Posted by Adam Jacobi
The news that BYU is leaving the Mountain West and going independent in football next season is, to put it mildly, sort of a big deal, and not just for the Stormin' Mormons themselves. BYU's choice of the WCC for all its other sports is yet another blow to the WAC, who had been rumored to be the destination for BYU's other sports. Sure, WAC football wouldn't have been directly affected, but with the conference needing to replace members Nevada and Fresno State, the presence of a high-profile athletic department like BYU's in the other sports would have made the WAC (and, indirectly, its football contingent) more attractive to potential new schools.
But this news really is about BYU, and mainly their liberation from the non-BCS identity that has haunted them since, well, before the BCS even existed. Bitterness over BYU's shared mythical national championship of 1984--featuring a ludicrously easy schedule and capped by a 7-point win over 6-6 Michigan in the Holiday Bowl--has (not unfairly) lingered to this day. Boise State and Utah have faced similar criticisms recently, and those criticisms have only been muted by--as irony would have it--the BCS system's ability to keep them out of national title contention up until now.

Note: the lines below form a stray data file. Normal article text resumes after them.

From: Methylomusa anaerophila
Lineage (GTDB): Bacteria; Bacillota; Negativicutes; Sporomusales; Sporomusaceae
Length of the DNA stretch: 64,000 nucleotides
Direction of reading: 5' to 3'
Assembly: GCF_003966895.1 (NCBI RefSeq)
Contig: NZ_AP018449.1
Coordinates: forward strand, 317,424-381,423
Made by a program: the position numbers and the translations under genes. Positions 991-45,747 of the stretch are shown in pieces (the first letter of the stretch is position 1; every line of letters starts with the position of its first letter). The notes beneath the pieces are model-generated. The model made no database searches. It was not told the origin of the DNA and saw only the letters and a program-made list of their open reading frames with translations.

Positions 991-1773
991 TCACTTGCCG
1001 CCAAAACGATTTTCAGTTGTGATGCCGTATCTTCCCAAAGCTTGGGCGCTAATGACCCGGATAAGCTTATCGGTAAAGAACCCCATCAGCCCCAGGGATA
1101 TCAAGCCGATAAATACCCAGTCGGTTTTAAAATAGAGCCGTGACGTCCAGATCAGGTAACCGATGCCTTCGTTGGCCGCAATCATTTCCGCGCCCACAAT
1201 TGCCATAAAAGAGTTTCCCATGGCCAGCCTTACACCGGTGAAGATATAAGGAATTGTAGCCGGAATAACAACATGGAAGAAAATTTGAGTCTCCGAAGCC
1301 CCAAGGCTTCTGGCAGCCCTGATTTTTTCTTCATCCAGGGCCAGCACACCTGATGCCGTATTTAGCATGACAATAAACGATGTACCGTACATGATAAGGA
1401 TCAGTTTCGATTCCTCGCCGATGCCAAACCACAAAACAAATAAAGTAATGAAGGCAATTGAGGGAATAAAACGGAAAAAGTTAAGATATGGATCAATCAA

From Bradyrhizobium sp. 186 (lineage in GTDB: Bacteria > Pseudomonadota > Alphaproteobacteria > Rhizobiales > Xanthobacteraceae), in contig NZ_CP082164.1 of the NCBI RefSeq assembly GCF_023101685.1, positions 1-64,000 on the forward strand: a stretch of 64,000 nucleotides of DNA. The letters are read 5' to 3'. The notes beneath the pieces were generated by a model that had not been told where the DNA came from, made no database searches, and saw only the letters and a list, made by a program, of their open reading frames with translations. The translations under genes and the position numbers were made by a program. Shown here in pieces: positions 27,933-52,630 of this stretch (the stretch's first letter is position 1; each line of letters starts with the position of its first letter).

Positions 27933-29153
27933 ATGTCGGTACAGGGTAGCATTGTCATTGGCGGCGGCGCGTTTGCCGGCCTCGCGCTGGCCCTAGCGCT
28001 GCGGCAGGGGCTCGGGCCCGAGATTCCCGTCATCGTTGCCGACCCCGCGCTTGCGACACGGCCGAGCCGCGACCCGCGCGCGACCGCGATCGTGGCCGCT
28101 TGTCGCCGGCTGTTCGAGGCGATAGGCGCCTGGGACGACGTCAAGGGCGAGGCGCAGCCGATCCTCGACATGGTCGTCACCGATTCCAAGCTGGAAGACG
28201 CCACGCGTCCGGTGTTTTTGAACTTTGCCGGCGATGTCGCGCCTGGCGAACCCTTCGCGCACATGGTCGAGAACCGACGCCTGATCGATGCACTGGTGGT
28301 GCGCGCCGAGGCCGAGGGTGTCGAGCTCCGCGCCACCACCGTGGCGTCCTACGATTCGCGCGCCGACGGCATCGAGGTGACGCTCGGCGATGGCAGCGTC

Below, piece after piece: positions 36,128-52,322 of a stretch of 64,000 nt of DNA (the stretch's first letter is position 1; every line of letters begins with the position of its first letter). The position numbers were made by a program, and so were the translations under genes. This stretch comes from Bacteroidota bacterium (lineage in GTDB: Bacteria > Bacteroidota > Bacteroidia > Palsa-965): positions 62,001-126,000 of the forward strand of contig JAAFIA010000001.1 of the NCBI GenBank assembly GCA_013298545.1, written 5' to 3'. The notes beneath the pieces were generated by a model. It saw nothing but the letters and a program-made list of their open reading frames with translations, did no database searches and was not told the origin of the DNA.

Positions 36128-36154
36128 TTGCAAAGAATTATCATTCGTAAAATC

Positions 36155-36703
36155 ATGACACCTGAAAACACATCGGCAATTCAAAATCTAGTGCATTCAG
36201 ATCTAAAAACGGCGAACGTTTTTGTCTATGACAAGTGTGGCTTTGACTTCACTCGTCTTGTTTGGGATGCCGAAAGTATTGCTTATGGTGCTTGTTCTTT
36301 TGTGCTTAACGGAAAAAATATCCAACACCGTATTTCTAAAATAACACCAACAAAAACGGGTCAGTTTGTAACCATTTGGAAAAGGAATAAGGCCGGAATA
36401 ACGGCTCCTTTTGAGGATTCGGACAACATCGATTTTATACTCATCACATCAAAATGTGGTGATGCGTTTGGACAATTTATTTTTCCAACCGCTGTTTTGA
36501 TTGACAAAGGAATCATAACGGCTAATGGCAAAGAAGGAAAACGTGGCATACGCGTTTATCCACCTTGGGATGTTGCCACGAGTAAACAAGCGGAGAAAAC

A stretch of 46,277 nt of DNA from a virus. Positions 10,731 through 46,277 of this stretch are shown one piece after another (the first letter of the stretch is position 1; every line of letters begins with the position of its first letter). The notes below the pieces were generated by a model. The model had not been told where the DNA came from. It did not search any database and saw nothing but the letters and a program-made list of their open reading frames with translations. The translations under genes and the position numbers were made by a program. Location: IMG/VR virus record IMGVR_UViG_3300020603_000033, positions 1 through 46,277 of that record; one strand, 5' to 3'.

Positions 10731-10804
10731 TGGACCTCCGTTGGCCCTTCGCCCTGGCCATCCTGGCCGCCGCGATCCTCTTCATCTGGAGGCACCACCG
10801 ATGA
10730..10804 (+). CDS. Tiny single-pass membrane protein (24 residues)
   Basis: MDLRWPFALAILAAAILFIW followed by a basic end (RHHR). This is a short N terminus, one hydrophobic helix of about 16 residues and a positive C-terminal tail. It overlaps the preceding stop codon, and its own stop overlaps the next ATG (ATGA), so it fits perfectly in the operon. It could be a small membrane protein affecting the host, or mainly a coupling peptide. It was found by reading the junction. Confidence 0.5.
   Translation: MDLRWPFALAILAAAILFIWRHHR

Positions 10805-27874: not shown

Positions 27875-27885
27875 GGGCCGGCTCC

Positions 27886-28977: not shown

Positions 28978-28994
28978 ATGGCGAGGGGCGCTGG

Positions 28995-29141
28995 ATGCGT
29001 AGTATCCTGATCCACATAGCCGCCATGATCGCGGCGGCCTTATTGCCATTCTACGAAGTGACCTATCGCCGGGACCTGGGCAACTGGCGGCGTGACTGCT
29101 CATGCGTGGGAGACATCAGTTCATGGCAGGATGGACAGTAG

By moving to an independent slate, then, BYU can have greater control over its schedule and, more importantly, its television rights/revenue in a crowded but population-light MWC. Whether going independent will have a positive effect on BYU's actual national standing, however, depends on its ability to cultivate long-term scheduling pacts with high-level competition. Notre Dame, Army, and Navy are obvious candidates for yearly play, and we don't see any reason why they can't make a similar deal with Utah.
But past that, whom? BYU managed to spurn both the MWC and WAC with this move, and we can't imagine many schools in those conferences would be eager to schedule a date with the Cougars in the near future. Meanwhile, the Big Ten schools are already upgrading their schedule difficulty by adding Nebraska to the fold (and going to a 9-game conference slate in 2015), and the SEC is allergic to quality non-conference play. We're not saying BYU can't find 12 opponents a year, but they're not picking from a very big pool--especially when it comes to finding quality competition.